Older blog entries for mvw (starting at number 4)

Autobook

Got a nice hint about sources across directories from Gary Vaughan:

> I keep my main sources in
> 
>     project/src
> 
> have tests in
> 
>     project/test/test01
> 
> I don't manage to compile a small test program in
> the above test01 directory, that uses a source file
> from project/src.
> 
> What should I do?
> - create the test binary in project/src rather than
>   project/test/test01?
> - build some library just for the purpose of testing
>   that I won't use anyway?
> - use some secret potion from CVS automake?

The 2nd option would be best, automake doesn't handle sources outside of $srcdir or $builddir (except for header files of course). You might try setting SUBDIRS in the project dir to descend src before test, and then linking test01 with (from memory, so check the docs):

test01_LDFLAGS = -static test01_DEPENDENCIES = $(top_builddir)/src/foo.o test01_LDADD = $(test01_DEPENDENCIES) or suchlike to link the compilation object in directly.

Advogato

Today I dropped back to Observer status. I should read the trust metrics explanation to understand this. It can't be related to the number of certificates I have, as there are other persons who have less. So it must be related either to the fact that I certified a lot of people or to the relative positions of the people who certified me. Interesting.

4 Nov 2000 (updated 4 Nov 2000 at 16:57 UTC) »
Compiler writing

After having spent some time with lexical analysis, today's topic was syntax analysis, top down parsing to be more precise.

As a physicist, I am still impressed by the bloat found in the language of theoretical computer scientists. This came to my mind when I took a look into a book on computability earlier this day, that managed to obfuscate even the rather simple things behind mathematical formalism, and also today when I read through a classic book from Nikolaus Wirth (Pascal, Modula 2, Oberon) which manages to cover stuff in 10 pages, where other books wasted 100.

About books: Wirth's book ("Compilerbau") is 120 pages, the Dragon Book (US) covers 800 pages and it's german translation is split into 2 volumes of about 500 pages each (I'm still dazzled where the additional 200 pages come from).

Other nice books are the ones by Gueting/Erwe (a medium sized book on the topic, this is the one I hope to get tackled completely) and Wilhelm/Maurer (the only book I know of, that goes into OOP language compilation as well, I consider it the most up to date book presently). I also have a book an lex and yacc from O'Reilly, but this only for convenience and examples, as it is not strong in the maths force.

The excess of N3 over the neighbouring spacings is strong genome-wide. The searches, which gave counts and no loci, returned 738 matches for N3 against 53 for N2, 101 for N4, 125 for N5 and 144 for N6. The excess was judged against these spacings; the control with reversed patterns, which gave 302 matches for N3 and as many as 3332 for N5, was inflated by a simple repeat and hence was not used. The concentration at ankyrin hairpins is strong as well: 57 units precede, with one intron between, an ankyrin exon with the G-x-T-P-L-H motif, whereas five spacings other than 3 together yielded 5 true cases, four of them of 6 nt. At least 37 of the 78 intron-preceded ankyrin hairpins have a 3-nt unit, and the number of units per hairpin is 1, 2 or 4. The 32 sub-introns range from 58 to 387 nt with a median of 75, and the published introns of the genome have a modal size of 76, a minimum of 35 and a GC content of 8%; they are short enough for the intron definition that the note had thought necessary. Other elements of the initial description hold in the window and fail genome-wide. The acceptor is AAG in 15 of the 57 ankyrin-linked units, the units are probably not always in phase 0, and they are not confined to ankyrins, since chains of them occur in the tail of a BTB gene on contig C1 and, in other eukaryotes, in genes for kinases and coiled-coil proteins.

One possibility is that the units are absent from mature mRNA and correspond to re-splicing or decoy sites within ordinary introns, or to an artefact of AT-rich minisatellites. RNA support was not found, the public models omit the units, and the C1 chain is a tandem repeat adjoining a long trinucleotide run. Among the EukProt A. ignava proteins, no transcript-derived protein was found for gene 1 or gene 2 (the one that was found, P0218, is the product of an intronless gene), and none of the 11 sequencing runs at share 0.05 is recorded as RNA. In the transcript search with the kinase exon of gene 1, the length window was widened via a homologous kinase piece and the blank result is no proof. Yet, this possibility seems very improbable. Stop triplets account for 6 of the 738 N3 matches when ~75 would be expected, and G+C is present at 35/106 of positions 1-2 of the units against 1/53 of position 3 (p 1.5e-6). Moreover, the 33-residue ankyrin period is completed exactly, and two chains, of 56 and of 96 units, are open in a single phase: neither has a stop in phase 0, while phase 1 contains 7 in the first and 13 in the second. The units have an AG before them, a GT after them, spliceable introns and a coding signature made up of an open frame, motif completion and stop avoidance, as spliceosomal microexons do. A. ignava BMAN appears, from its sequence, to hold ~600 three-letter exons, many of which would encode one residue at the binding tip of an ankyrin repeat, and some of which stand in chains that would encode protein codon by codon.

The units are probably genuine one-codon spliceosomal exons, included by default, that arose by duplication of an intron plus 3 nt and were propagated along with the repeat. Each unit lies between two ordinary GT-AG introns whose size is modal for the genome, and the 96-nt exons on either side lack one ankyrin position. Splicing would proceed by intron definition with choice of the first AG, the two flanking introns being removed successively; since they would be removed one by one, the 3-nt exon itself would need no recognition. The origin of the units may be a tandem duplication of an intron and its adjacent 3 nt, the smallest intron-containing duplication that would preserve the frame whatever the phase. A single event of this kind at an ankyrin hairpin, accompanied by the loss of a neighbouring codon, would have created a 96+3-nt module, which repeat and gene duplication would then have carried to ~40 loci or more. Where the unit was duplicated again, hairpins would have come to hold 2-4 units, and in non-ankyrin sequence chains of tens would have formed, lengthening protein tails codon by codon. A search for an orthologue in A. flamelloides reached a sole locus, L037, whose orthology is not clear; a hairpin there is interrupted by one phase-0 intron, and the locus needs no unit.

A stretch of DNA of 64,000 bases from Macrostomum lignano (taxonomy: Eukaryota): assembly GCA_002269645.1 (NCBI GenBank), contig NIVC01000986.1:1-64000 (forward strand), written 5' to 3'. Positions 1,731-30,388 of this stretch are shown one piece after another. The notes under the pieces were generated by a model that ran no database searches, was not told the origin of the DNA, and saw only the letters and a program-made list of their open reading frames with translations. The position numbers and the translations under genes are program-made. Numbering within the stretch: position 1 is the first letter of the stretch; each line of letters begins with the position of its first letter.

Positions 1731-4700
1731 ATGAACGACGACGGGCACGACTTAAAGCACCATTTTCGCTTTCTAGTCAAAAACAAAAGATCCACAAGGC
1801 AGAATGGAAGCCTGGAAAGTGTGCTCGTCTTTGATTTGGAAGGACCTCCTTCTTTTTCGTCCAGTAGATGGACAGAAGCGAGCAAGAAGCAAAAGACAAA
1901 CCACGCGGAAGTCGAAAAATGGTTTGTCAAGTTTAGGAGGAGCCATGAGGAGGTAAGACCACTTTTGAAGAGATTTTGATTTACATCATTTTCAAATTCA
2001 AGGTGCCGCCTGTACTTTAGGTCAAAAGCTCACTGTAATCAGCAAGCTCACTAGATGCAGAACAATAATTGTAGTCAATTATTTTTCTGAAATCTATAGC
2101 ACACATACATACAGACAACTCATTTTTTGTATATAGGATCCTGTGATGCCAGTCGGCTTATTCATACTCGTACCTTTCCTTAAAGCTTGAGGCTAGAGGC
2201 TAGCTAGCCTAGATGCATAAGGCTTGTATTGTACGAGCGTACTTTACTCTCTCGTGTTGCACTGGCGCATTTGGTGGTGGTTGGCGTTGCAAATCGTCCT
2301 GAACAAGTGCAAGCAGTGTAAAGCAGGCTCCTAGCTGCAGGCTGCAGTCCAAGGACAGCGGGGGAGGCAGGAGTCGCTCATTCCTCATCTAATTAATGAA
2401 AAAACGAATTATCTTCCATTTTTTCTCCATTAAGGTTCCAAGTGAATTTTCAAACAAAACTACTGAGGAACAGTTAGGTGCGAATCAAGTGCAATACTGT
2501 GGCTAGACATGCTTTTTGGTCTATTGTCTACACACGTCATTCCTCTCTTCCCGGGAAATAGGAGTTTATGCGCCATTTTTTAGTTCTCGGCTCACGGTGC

I am not through yet with bottom up parsing, but at least I understand the principal difference now, that a top down parser predicts so long until it got the whole program matched (so much for prophetics in computer science :-) while a bottom up parse reduces the program until it has managed to turn it into the start symbol. Wow.

Advogato related

Thanks to those kind people who trusted me I was able to post the link on the goat book on advogato.
I hope it was not mentioned earlier -- a search engine would benefit this site.

Another good thing for advogato would be a general submission queue for registered or anonymous folks, where some kind of voting scheme could be used to push interesting stuff to the frontpage. At this time, users with observer status tend to use the diary for general communication - that works, but I would rather channel that kind of use into a more explicit form.

3 Nov 2000 (updated 3 Nov 2000 at 20:27 UTC) »

Interesting opinion in the articles section on the recent Advogato statistics:

Certification level is irrelevant, posted 3 Nov 2000 by Zaitcev

Only the list of certifiers is interesting.

This was brought up already when a bunch of FreeBSD goofs showed up and certified each other as master. One of them was close to the trust root and the rest is history.

Raph told you already that certification works only if majority of Advogato members apply the certification metrics as instructed. Instead, the majority uses certification as an old buddy network, with levels higher for those who are better known to them.

This shows a disturbing lack of faith in the trust metrics.

As I feature quite high (at 5) as certifier, I can't spare this comment. The folks I certified as master, deserve that title. If you think otherwise, send me mail.

Point is, that Linux and FreeBSD developer communities are different beasts. So in my case, as FreeBSD developer, it is natural that I know more of these people (not in the sense of knowing their name but in the sense of having read from and discussed with them and using their software for years) than in the Linux camp.

Pretty normal if you ask me. The free software world is not just Linux.

I did my advogato duty :-) and certified everyone I know ..
Ugh, I should change my name into Aarie Aas or something similiar. Hope I did not oversee someone at the end of the alphabet, when my eyes got tired. :-)

31 Oct 2000 (updated 31 Oct 2000 at 15:55 UTC) »

Today I lost some faith in Slashdot functioning as a hacker news ticker:

I submitted a news item about the 'goat book', the long awaited autoconf/automake/libtool book.
IMHO a really important book for people who have to set up software project nowadays.

And it is another fine book, available online and for download for free.

That submission was rejected within ten minutes.. sigh.

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